December 1, 2022

Posted My First Reel on YouTube

A reel is something like a video portfolio. I recently published my first one on my YouTube channel.

November 21, 2022

The Whole Social Media Thing

With the situation at Twitter (what, exactly, is the situation?), it seems a timely move to reassess my “social media strategy.” The quote marks indicate a certain irony 🙂

Twitter wasn’t doing it for me. Or, rather, I was bad at Twitter. So I have decided to make it a consumption platform only. I’m drastically cutting back who I follow to just my most trusted sources for news and information about documentary films. If you follow me there, you may unfollow at any time. I tweeted my last tweet there this morning.

As noted on Facebook last week, I’ll use my wall for personal stuff only — communicating with friends and family. I am trying to build a page there that’s primarily focused on my documentary work, which will continue after I retire in about four weeks.

Instagram is, and will increasingly be, all about my move to Portugal and promoting my documentary and nonfiction video work.

YouTube is go-to right now. Please “like” and “subscribe.” Unironically 🙂

I’m giving Tribel a try as a self-promotion platform similar to how I was using Twitter.

And then there’s Rhetorica — an old-fashioned blog. Blogs are kinda dead, I think. I keep this up for nostalgia. It is one of the oldest, continuously published blogs on the interwebs. Hit the link to Archive.org for all the old stuff (that I lost awhile back in a server snafu).

November 15, 2022

Watch: Witness at Tornillo

I’ve recently posted Witness at Tornillo to my YouTube channel (handle: @acline). I was executive producer, assistant editor, and one of three cinematographers. This award-winning film (2020 Kansas City Filmfest International Best Documentary Feature) was directed by Shane Franklin.

 

October 12, 2022

I Watched ____ So You Don’t Have To

So there’s a long-running trope in the writing of tough reviews that starts this way: “I watched ____ so you don’t have to.” This signals that the review will pan whatever the thing is and offer an invitation to bask in confirmation bias instead. This move belongs solidly to the various tropes we might list under the heading “clickbait.”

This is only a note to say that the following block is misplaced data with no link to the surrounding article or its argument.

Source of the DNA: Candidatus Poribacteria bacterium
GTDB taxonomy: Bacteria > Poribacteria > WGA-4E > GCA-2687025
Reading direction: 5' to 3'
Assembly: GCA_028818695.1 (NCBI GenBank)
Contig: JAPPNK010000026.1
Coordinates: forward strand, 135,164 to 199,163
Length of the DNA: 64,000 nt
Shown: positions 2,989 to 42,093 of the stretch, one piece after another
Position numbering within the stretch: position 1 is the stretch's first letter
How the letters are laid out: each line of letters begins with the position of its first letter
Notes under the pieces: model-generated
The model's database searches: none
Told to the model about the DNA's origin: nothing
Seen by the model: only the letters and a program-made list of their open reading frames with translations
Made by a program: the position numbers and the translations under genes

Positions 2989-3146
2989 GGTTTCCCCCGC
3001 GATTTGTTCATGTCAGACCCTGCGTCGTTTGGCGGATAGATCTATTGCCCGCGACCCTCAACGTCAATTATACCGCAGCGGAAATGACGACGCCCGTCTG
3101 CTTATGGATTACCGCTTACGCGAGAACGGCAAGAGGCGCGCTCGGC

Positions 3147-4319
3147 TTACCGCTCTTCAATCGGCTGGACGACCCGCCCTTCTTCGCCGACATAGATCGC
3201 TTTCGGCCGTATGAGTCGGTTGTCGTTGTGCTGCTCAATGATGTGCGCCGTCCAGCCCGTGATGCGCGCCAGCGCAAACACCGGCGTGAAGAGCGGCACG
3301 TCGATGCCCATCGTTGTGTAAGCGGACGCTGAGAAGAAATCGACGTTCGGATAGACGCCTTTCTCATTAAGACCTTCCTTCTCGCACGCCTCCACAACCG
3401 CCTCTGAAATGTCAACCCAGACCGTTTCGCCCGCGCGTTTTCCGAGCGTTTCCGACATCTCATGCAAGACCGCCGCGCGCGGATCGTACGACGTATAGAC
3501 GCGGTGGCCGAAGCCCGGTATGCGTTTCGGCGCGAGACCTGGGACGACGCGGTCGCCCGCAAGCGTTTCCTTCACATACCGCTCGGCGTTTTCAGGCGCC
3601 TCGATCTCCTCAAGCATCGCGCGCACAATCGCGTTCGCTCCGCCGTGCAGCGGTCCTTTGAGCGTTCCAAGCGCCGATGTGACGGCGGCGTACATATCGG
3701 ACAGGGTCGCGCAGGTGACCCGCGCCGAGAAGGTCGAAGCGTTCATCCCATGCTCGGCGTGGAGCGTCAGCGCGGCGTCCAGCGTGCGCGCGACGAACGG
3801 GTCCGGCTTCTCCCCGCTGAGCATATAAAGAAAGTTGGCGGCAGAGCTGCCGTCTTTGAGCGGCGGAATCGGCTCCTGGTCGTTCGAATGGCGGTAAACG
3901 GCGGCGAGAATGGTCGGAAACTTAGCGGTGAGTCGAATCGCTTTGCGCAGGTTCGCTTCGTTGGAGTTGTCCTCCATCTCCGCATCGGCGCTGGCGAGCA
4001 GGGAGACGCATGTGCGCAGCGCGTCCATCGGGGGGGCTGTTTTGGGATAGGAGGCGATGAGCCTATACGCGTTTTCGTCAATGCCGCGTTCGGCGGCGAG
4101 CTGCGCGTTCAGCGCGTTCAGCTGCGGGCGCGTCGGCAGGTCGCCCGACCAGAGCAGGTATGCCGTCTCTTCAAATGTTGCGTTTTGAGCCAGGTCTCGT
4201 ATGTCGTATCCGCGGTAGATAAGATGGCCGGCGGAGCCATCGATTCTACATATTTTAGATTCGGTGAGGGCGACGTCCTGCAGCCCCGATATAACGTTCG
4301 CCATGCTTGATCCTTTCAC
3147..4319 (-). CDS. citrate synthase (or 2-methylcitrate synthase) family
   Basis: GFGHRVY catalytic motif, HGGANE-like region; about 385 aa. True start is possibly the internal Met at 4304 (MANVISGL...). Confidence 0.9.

So yesterday I tweeted this:

I “appreciate” the trope when it helps me avoid nonsense. But I did read this review because I’m interested in defining what a documentary is.

Proposition: Some documentaries engage in propaganda, but propaganda that employs features of the genre of documentary only as a rhetoric of legitimacy is not a documentary. Opinion and a strong point of view are necessary in the emotional medium of video/film. But there must be a foundation of information and knowledge.  Neil Postman offered an interesting way to think about this foundation. Information is statements about facts in the world. Knowledge is organized information embedded in a context. Many documentary projects live in these two formulations. The best ones, however, include Postman’s third feature: wisdom, the capacity to know what body of knowledge is relevant to solving significant problems.

[S]election Code fails all three. How do I know this? Not from the review. I know if because responsible journalism has already examined the information regarding the 2020 election and published knowledge. In a few cases, perhaps even wisdom. And none of it points to election fraud. All of it points to the Big Lie.

So, [S]election Code is not a documentary.

October 4, 2022

Spring Release Now Planned for Trinity

Yeah, busy. I’m 10 weeks from retirement, 11 weeks from leaving Springfield, and 14 weeks from arrival in Portugal. I had hoped to have Trinity ready for the BEA Festival of Arts. Not gonna happen.

But this does give me a project to work on as soon as I arrive in Europe 🙂

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